Although much of the media attention following Don Canney’s death focused on his many achievements in the urban part of Cedar Rapids, he also had an amazing impact on open space, flood reduction, and the Indian Creek Nature Center.
In 1968, the City received a massive grant from the US Department of Housing and Urban Development that was matched by local taxpayers to purchase about 1000 acres of flood prone land now known as the Greenbelt. The idea was to buy this land and keep it as open space. When the river was high, this low land would fill with water but since no development was permitted, there would be no homes, schools or businesses damaged. The Greenbelt also became the location of the Sac and Fox, Iowa’s first national recreation trail; and the sewer leading to the then new water pollution control facility was built through the Greenbelt, enabling Cedar Rapids to more effectively cleanse waste water. Portions of the Greenbelt were leased to the infant Indian Creek Nature Center in 1973.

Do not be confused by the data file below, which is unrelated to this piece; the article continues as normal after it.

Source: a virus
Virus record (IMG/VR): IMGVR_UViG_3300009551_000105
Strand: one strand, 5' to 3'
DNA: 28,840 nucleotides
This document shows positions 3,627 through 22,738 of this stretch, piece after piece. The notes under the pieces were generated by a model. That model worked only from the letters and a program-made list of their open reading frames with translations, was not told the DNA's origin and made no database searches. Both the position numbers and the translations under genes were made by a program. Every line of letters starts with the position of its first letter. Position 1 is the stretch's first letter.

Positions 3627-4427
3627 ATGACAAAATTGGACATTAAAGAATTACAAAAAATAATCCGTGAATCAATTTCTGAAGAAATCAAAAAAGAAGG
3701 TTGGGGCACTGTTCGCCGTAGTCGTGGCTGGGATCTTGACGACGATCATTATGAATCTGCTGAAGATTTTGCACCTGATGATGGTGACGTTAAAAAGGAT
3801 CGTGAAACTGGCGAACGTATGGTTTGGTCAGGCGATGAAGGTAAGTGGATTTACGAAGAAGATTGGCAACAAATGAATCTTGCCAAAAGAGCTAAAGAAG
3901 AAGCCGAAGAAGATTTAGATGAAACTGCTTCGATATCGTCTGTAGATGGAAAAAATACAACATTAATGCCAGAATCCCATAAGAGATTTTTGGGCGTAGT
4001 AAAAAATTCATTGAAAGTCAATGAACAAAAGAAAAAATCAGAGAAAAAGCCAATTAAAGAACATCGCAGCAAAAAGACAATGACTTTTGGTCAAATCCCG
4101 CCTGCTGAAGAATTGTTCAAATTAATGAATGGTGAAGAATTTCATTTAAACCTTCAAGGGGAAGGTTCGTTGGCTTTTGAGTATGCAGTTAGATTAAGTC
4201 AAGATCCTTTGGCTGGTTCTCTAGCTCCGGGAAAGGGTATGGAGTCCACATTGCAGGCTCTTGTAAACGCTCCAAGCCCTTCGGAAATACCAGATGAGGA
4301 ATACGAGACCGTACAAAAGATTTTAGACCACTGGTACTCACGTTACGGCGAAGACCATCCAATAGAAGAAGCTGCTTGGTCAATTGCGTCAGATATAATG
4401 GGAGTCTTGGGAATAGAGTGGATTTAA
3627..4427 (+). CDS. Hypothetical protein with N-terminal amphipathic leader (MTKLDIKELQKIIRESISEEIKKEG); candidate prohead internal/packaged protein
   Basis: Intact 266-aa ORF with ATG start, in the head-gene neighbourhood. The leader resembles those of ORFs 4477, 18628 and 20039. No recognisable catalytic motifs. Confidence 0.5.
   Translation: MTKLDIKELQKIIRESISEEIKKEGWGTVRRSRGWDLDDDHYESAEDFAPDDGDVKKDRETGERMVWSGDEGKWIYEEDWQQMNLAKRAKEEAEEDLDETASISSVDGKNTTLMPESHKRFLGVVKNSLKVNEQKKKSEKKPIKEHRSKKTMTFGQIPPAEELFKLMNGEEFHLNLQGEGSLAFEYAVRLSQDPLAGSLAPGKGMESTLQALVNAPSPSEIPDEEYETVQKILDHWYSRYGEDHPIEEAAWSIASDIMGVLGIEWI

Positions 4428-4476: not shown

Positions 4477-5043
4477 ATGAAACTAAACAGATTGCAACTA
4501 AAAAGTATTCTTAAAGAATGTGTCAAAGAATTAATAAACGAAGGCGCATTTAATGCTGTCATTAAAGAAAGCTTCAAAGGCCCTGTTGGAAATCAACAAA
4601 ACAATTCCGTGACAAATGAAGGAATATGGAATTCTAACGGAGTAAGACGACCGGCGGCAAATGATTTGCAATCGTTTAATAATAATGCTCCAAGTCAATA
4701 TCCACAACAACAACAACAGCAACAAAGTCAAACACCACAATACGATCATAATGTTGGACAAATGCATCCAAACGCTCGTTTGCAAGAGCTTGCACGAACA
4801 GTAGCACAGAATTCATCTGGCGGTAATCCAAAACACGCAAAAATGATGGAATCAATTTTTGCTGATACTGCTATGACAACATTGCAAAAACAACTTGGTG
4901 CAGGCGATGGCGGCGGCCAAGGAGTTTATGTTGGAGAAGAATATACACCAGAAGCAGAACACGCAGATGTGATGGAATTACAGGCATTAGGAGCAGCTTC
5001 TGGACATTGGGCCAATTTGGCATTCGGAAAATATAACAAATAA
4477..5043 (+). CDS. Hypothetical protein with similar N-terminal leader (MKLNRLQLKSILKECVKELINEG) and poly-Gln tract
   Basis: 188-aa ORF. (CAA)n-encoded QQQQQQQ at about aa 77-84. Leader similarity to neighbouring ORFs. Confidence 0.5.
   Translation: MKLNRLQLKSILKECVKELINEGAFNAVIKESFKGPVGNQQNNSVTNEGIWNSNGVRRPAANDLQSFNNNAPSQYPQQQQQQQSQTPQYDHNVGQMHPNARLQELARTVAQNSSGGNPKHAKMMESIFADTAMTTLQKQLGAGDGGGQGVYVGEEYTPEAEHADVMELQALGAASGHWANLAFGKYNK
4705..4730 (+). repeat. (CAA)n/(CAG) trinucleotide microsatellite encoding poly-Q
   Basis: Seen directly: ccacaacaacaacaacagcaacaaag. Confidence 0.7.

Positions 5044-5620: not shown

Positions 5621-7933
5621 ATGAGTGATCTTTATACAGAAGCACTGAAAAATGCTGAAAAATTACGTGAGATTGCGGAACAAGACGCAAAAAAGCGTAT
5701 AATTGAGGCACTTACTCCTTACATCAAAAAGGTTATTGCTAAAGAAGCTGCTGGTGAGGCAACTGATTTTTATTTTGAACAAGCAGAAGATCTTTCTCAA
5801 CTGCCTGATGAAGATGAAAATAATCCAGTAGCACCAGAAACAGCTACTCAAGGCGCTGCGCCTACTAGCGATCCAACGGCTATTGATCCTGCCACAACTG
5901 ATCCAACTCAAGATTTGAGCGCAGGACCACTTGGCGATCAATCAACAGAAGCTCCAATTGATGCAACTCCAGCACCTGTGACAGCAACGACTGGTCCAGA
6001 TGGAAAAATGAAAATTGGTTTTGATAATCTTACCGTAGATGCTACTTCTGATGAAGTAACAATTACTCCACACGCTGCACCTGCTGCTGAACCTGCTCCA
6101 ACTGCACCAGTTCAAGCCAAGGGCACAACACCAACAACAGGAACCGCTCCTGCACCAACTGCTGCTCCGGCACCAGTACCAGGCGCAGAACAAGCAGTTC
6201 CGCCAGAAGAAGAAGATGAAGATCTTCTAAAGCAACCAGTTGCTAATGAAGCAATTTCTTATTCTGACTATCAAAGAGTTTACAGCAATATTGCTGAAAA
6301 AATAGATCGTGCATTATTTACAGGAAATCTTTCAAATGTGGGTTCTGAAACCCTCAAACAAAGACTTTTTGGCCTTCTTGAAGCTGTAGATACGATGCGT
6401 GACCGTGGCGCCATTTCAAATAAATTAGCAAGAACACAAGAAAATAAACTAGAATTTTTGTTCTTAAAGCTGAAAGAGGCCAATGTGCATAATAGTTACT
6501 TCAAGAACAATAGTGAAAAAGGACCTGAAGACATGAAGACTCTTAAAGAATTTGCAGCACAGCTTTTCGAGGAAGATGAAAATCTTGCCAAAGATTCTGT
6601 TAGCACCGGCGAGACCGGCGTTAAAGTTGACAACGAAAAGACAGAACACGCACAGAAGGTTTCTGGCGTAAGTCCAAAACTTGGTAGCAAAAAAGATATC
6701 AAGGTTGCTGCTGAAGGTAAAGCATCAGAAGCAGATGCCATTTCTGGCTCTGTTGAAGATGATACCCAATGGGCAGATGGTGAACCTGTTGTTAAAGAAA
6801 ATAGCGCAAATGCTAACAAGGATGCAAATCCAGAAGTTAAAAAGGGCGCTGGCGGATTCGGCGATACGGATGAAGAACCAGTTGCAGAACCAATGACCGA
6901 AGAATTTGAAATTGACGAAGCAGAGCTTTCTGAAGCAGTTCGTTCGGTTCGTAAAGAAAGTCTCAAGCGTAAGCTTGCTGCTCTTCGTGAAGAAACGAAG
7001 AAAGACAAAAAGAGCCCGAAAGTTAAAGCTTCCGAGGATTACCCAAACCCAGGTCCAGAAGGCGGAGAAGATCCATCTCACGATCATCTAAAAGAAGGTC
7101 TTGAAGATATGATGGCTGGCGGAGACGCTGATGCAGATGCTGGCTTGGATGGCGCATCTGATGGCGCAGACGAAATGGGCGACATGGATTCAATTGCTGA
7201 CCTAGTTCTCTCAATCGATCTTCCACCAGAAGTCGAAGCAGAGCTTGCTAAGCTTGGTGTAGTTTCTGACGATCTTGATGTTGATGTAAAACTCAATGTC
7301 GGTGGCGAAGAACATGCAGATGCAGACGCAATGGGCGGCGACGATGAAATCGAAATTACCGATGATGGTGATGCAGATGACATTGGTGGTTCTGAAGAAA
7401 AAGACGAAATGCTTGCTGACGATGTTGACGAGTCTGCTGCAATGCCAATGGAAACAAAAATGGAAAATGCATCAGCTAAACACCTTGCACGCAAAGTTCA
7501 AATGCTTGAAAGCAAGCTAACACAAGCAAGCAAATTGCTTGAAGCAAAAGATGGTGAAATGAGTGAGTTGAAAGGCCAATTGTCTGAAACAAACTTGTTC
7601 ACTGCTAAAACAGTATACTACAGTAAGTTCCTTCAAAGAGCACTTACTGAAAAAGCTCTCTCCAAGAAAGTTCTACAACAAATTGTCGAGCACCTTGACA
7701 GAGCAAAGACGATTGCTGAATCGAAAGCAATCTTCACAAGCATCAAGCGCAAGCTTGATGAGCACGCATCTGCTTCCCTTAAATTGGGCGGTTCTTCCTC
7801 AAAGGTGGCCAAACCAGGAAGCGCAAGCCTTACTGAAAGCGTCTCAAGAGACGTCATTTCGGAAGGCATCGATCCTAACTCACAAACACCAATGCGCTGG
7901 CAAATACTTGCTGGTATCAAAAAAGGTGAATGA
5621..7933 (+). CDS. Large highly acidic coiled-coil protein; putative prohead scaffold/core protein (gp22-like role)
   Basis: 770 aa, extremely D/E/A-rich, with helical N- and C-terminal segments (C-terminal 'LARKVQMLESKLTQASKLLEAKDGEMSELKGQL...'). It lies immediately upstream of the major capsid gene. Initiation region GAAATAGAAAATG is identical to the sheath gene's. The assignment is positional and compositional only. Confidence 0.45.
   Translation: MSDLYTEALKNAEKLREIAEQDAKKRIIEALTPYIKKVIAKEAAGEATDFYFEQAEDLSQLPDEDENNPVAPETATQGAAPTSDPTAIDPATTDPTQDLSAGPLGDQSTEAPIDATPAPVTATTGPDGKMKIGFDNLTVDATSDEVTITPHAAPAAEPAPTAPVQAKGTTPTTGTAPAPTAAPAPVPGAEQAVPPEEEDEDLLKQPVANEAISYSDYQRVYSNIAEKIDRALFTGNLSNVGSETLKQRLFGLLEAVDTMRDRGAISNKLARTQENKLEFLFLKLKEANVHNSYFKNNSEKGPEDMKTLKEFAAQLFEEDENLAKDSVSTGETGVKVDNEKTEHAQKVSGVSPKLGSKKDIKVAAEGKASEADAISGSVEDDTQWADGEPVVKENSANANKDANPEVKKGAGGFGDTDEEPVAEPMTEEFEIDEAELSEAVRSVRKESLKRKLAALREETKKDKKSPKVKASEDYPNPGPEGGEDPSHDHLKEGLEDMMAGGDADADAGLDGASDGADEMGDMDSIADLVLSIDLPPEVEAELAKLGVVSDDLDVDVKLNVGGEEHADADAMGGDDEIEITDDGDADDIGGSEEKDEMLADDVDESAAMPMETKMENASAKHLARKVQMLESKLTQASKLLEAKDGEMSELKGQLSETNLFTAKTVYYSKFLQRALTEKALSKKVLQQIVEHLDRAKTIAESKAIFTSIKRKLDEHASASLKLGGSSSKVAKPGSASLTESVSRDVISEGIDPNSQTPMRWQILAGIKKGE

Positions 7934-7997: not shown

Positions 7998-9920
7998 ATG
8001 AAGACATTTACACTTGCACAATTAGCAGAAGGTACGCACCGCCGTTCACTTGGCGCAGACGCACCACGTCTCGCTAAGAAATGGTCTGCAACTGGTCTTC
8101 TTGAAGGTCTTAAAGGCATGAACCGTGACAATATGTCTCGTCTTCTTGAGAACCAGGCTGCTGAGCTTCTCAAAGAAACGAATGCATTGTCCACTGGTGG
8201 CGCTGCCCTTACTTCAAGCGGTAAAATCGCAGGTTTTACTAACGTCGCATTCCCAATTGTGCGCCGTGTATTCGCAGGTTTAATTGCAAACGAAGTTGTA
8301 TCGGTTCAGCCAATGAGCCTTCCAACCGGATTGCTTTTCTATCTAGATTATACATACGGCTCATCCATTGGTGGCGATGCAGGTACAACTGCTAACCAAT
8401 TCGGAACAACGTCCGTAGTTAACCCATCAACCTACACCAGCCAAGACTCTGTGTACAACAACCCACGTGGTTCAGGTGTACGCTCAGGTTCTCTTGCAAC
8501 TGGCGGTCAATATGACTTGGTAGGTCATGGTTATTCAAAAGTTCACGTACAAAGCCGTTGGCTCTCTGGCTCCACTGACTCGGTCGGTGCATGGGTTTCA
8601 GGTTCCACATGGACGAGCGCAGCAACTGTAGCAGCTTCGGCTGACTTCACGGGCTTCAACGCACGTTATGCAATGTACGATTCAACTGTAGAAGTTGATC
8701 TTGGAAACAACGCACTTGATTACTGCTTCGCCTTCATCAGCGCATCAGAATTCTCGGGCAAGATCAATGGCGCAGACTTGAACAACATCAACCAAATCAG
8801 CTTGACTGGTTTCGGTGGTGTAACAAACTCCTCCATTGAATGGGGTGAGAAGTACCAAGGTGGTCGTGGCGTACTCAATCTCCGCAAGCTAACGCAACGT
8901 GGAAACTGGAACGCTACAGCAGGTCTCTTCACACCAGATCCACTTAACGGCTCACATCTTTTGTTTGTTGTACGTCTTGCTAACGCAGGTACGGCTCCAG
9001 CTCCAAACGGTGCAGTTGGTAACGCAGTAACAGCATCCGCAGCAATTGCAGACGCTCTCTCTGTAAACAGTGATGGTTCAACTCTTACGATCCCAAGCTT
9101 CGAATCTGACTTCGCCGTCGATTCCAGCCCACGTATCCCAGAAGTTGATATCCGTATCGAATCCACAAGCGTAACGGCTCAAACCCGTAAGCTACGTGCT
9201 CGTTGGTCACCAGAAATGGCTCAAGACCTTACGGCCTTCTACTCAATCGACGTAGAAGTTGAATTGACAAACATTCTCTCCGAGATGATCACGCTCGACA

As mayor, Don supported these innovative and forward-thinking initiatives, and residents today enjoy the dividends. Often he worked in the background and let others receive credit.
Don was a welcoming and genuinely friendly man. When Marion and I moved here from Kansas in 1978, I called his office to introduce myself. I expected a secretary to answer the phone, but he did. When I explained that we had just moved to Cedar Rapids, he said, “Then I want to meet you. Please come to my office.” We did and had a pleasant chat. He seemed delighted that we had come to Cedar Rapids. For the remainder of the time he served as mayor, he supported the Nature Center and was always encouraging.